Throughout the nation’s short history, the divisions most destructive to American improvement have been race and class. over the past three decades, one of the gaps of social disparity has narrowed while the other has widened. America will never become a sociological eden of racial harmony, but only a fool would deny the overwhelming evidence of progress on the racial question. The evidence of progress on the class question is stunningly opposite. While it is true that the standard of living is higher for poor Americans than it was decades ago, it is also true that the highest percentage of...

  14. 11 Freedom of speech
    (pp. 233-240)

    John Mellencamp is a walking contradiction. He is a self-identified redneck, but he is politically liberal. He is a world-famous musician who has married or dated models and actresses, but he has never had a permanent residence anywhere outside southern indiana. He is crude but cultured. He is a multitalented artist, claiming achievements in painting and film in addition to selling millions of records, but he is a tough guy from the heartland. He is one of America’s best and most authentic songwriters, but he began his career with the fake name of Johnny cougar, singing songs he now admits...

  15. 12 Fighting Authority
    (pp. 241-254)

    This book began with John Mellencamp dismissing his legacy as a footnote. When rock ’n’ roll makes its cultural exit as saloon singers or jazz music did, history will remember the legends as it does Frank sinatra, dean Martin, and sammy davis or Louis Armstrong, billie Holiday, and John coltrane. elvis Presley, bob dylan, the beatles, and the rolling stones will represent rock for decades, but the footnotes, as Mellencamp calls them, will fade into a dustbin of extinguished superstars and crumpled memories. it is impossible to argue that Mellencamp—regardless of his importance and greatness as a songwriter—will...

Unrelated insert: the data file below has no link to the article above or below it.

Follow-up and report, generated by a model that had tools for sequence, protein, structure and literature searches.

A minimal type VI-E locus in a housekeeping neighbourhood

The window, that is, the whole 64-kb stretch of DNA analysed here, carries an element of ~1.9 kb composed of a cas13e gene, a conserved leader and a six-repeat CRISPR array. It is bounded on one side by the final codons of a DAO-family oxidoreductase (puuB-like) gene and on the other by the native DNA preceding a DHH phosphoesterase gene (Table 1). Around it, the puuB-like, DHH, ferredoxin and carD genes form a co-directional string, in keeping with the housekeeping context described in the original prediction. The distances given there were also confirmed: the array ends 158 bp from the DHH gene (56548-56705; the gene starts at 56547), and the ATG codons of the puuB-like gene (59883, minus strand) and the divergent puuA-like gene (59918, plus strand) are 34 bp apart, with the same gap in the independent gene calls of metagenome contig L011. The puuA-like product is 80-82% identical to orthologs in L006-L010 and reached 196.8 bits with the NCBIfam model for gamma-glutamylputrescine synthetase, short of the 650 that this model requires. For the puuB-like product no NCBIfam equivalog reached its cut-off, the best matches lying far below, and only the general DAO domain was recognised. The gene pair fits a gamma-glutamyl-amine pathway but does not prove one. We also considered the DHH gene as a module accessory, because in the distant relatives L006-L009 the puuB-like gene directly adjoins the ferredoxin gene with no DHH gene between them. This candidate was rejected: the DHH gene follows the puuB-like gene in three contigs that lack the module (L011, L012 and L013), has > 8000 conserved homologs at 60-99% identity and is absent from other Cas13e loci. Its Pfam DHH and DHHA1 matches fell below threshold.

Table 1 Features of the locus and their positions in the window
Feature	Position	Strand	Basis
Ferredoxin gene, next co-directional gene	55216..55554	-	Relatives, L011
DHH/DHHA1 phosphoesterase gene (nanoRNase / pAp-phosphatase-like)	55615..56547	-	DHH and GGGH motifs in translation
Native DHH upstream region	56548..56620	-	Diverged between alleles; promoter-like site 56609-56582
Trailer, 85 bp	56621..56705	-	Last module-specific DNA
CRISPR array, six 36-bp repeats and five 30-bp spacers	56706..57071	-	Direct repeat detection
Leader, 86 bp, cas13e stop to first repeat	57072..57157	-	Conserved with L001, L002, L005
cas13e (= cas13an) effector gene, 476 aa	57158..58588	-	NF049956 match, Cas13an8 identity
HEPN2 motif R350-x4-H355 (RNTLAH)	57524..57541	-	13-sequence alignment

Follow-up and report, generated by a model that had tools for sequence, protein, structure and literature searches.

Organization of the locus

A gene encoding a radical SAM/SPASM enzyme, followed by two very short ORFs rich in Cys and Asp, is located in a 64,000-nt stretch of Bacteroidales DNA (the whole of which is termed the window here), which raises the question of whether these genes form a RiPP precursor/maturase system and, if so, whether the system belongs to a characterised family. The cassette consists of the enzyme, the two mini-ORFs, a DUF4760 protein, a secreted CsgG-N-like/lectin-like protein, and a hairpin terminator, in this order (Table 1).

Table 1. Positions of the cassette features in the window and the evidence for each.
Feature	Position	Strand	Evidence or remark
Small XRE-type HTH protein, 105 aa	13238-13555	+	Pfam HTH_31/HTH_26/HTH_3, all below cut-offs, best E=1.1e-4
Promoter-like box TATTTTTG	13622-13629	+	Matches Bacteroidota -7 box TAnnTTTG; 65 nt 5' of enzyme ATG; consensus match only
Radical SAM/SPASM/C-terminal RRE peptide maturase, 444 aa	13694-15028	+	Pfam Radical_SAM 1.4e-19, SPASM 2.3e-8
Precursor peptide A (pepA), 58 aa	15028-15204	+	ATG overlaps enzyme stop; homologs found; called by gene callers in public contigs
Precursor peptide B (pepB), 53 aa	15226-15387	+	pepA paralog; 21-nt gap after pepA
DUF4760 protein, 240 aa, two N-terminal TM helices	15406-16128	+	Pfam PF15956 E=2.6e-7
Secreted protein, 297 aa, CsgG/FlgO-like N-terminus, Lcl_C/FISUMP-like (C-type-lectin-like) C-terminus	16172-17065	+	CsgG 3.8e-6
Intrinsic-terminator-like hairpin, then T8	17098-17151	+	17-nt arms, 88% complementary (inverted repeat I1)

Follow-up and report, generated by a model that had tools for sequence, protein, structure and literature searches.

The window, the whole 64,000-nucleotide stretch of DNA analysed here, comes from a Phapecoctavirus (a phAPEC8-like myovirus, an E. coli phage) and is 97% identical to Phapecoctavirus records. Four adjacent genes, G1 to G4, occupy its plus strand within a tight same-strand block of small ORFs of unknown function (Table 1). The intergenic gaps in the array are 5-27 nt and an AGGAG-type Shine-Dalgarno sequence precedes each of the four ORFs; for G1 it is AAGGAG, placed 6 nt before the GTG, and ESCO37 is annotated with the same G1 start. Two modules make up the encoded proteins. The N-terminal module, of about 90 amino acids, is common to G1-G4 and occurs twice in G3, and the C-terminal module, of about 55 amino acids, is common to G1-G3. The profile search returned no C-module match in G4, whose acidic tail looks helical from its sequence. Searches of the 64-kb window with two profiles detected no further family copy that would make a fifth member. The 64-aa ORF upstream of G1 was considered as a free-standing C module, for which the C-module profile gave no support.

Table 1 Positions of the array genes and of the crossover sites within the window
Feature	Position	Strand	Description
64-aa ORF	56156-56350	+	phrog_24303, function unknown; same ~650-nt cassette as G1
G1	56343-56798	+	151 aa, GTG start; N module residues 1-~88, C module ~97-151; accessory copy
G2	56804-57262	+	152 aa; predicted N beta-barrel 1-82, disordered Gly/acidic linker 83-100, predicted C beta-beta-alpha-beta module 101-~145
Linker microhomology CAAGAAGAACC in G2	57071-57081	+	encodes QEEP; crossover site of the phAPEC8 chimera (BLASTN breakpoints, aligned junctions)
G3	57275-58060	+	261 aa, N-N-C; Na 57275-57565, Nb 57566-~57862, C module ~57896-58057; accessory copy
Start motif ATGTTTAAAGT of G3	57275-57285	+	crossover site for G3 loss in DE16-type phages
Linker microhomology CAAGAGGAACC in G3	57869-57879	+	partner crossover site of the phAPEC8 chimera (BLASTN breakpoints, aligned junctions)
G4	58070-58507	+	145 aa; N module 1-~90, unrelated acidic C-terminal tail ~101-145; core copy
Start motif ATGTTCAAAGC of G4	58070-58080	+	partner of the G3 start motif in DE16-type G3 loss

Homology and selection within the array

16. Conclusion: Rock ’n’ Roll
    (pp. 255-262)

    In a lengthy interview that took place before John Mellencamp performed at Walter reed Army Medical center in 2005, dan rather asked the outspoken and opinionated songwriter to complete the statement “This I believe.” Mellencamp, after only a couple seconds’ hesitation, answered, “This I believe, that we could all do better and people give up too early. Those are two things that I’m pretty certain about. Most people quit way too early in the race, and most people are not interested in, for whatever reason, doing the best they possibly can. I learned from my grandfather that if you say...

  17. Acknowledgments
    (pp. 263-264)
  18. Bibliography
    (pp. 265-270)
  19. Index
    (pp. 271-282)